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  1. #1
    skyrick's Avatar
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    Using VERY expired film.

    I've noticed that a couple of posters (Banana, for one) have mentioned that they seek out and use expired film. I've come across some Kodak Plus-X and Super-XX Panchromatic sheet film (2x3) that is more than a couple of decades old. Reportedly, it was stored in the freezer all that time. I'm going to use this film to do my first processing in a CombiPlan; for that matter, my first processing of any kind.

    One problem is that neither package has an ISO or ASA listed. Can I assume 25, or maybe 64?

    Does anyone have any tips on exposure, e.g. shooting one stop larger or smaller/faster or slower than indicated on my Sekonic meter? This is all based on the long shot that I'll get a usable image from this film.

    Also, would you recommend I vary the developing time from the mfgrs recommendations? Also also, any ideas what would be a good developer for this film?

    I figure, if nothing else, I'll get some practice loading my Graflex and Riteway film holders and the CombiPlan in the dark.

    Muchas gracias, y'all,

    Rick

    PS: I've also got some 25 yr old Ektachrome IE 2236 and some 20 yr old Kodachrome 120 hibernating in the freezer, but that's another topic for later.

    RN

  2. #2

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    Are there emulsion numbers on the packages? That might help to determine what the original speeds were. I believe Super XX Pan was originally 100, later 200; I don't know if Plus-X was ever anything other than 125.

    I'd start by giving it one extra stop of exposure, take a test shot, and go from there. You could get some pretty good results, especially if the film really was frozen all that time.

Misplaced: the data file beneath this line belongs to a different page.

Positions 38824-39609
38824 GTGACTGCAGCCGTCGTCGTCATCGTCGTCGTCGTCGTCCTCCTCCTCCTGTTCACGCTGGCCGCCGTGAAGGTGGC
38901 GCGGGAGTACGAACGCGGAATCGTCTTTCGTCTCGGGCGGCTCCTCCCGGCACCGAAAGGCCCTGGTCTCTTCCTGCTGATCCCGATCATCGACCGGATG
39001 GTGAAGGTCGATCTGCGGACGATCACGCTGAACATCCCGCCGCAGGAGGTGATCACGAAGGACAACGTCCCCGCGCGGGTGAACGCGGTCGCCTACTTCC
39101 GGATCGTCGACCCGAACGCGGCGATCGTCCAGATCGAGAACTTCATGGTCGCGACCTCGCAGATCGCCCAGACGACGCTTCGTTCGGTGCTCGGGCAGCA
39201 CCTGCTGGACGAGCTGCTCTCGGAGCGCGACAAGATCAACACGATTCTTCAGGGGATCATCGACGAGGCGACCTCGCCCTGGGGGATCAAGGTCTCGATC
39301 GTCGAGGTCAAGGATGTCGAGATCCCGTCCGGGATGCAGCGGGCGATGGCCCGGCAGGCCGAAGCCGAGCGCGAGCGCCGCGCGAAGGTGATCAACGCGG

-NT
    Nathan Tenny
    San Diego, CA, USA

    The lady of the house has to be a pretty swell sort of person to put up with the annoyance of a photographer.
    -The Little Technical Library, _Developing, Printing, And Enlarging_

  3. #3

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    If it's only a couple of decades old, the Plus-X is 125. The Super-XX pan is 200 according to my 3 decades old Kodak dataguide.

  4. #4
    skyrick's Avatar
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    Quote Originally Posted by ntenny View Post
    Are there emulsion numbers on the packages? That might help to determine what the original speeds were.
    .............
    You could get some pretty good results, especially if the film really was frozen all that time.

    -NT
    The Plus-X has 292 stamped on the carton. The Super-XX has P6142-17.

    Rick

  5. #5
    skyrick's Avatar
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    Quote Originally Posted by bdial View Post
    If it's only a couple of decades old, the Plus-X is 125. The Super-XX pan is 200 according to my 3 decades old Kodak dataguide.
    Actually it's a little more than 2 decades. Closer to six! Super-XX sheets are dated 1-48. The Plus-X film pack is 12-50.
    Ahem! (eyes downcast, hands behind back, feet scuffing the ground in embarrassment.) But, I did say that if nothing else, at $5 each it'll be cheap practice loading in the dark!

    Rick

  6. #6